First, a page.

CUNA President Says NCUA Interest Rate Risk Test Is Inaccurate
A letter from CUNA President Jim Nussle to the NCUA raised concerns over the accuracy of the agency's interest rate risk test. Learn why.
Jim Nussle, president and CEO of CUNA.
Letter from CUNA’s Jim Nussle raises concerns over credit union risk evaluations and their consequences.
An NCUA test designed to assess interest rate risk (IRR) at credit unions is not accurately measuring that risk, CUNA President/CEO Jim Nussle told members of the agency board Wednesday.
“Credit unions across the country are experiencing declines in [Net Economic Value (NEV)] Test ratings, often dropping from low or moderate to extreme risk, despite unchanged balance sheets,” Nussle wrote in a letter to NCUA board members.
He noted that CUNA is most concerned that an extreme risk categorization results in the issuance of a Document of Resolution (DOR). That document requires that corrective action be taken to improve the credit union’s evaluation.
Nussle added that the problems credit unions are facing raises questions about whether the NEV test is accurate and should be used by the agency as an examination tool.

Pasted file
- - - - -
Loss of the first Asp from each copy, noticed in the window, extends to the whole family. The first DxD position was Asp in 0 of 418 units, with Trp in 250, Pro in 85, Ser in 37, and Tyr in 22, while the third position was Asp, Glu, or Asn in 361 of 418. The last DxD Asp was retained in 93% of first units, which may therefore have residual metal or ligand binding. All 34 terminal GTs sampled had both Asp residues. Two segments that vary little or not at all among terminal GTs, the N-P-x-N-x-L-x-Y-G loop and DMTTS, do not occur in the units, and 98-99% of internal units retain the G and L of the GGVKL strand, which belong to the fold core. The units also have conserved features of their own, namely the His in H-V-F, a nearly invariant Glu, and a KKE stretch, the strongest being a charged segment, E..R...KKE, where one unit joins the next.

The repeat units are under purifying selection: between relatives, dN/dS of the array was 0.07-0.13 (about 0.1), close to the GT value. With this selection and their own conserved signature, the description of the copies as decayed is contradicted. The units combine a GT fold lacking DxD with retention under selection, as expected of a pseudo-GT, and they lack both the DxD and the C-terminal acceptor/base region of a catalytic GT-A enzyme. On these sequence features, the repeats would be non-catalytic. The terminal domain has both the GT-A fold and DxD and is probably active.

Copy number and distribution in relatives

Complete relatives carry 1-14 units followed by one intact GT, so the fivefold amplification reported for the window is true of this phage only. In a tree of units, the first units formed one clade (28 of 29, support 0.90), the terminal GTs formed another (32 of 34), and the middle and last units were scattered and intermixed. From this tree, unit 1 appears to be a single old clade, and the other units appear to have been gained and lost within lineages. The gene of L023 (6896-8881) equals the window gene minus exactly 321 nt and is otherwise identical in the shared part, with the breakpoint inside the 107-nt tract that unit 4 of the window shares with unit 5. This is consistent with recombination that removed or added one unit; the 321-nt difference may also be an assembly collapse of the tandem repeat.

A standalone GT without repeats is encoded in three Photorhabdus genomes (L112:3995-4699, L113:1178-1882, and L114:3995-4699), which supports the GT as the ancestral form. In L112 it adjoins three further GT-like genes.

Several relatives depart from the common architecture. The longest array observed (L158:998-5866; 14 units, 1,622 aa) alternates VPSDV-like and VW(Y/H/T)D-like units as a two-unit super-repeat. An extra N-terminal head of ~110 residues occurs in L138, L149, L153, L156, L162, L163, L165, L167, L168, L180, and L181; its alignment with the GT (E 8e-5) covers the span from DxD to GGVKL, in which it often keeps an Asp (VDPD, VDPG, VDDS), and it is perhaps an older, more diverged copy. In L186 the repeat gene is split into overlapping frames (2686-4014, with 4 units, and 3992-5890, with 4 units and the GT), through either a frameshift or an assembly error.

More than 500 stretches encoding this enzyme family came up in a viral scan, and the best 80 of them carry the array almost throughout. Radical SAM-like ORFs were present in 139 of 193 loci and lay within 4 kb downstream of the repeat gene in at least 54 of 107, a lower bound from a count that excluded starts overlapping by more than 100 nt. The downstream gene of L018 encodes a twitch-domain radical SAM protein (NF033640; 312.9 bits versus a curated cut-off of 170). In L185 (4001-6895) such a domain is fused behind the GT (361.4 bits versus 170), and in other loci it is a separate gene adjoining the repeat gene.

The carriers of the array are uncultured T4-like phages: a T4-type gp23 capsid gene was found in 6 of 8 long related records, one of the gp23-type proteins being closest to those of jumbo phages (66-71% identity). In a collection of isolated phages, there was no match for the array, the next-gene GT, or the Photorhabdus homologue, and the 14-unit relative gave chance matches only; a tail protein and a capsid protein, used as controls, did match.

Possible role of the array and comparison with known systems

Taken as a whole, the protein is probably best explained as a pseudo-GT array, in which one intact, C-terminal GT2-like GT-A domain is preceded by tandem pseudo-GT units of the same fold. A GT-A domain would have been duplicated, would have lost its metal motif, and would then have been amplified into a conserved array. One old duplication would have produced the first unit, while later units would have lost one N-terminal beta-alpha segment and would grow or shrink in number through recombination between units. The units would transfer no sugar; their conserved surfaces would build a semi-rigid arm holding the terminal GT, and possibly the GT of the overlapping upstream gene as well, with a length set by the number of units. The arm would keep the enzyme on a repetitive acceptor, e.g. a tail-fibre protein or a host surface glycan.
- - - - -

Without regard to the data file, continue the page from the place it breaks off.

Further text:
Background on the Issue
In explaining the examination tool in 2020, NCUA officials said that it is a capital-at-risk measurement that uses standardized values for non-maturity shares to assess the level of interest rate risk. They said that the measurement aligns well with the agency’s Share Insurance Fund to help identify long-term threats that could affect a credit union’s net worth.
Examiners are required to automatically issue a DOR to a credit union that receives the lowest rating, according to the NCUA.
Inside the CUNA Letter
Nussle said a credit union that receives that lowest rating could be required to sell certain assets—potentially at a loss.
“We are concerned that such a result is not in the best interest of credit unions—or credit union members—particularly since the accuracy of the NEV Test as an [interest rate risk] measurement tool is questionable,” he wrote.
He said also that if the Federal Reserve Board raises interest rates, more credit unions could be affected.
Nussle explained that as a first step, CUNA is asking the agency to change its current policy of requiring examiners to automatically issue a DOR when a credit union receives the worst rating.
“To be clear, it is appropriate for examiners to deal with credit unions exhibiting IRR in a reasonable fashion,” the letter states. “Our concern is that the NEV Test does not reflect the actual level of IRR at a credit union; at best it is merely a rough approximation of actual risk.”
He added that the agency then should work with the credit union industry to determine how the NEV test can be modified to be more accurate.
“Alternatively, it may be appropriate to move away from the NEV Test, given the shortcomings of a one-size-fits-all examination tool,” Nussle concluded.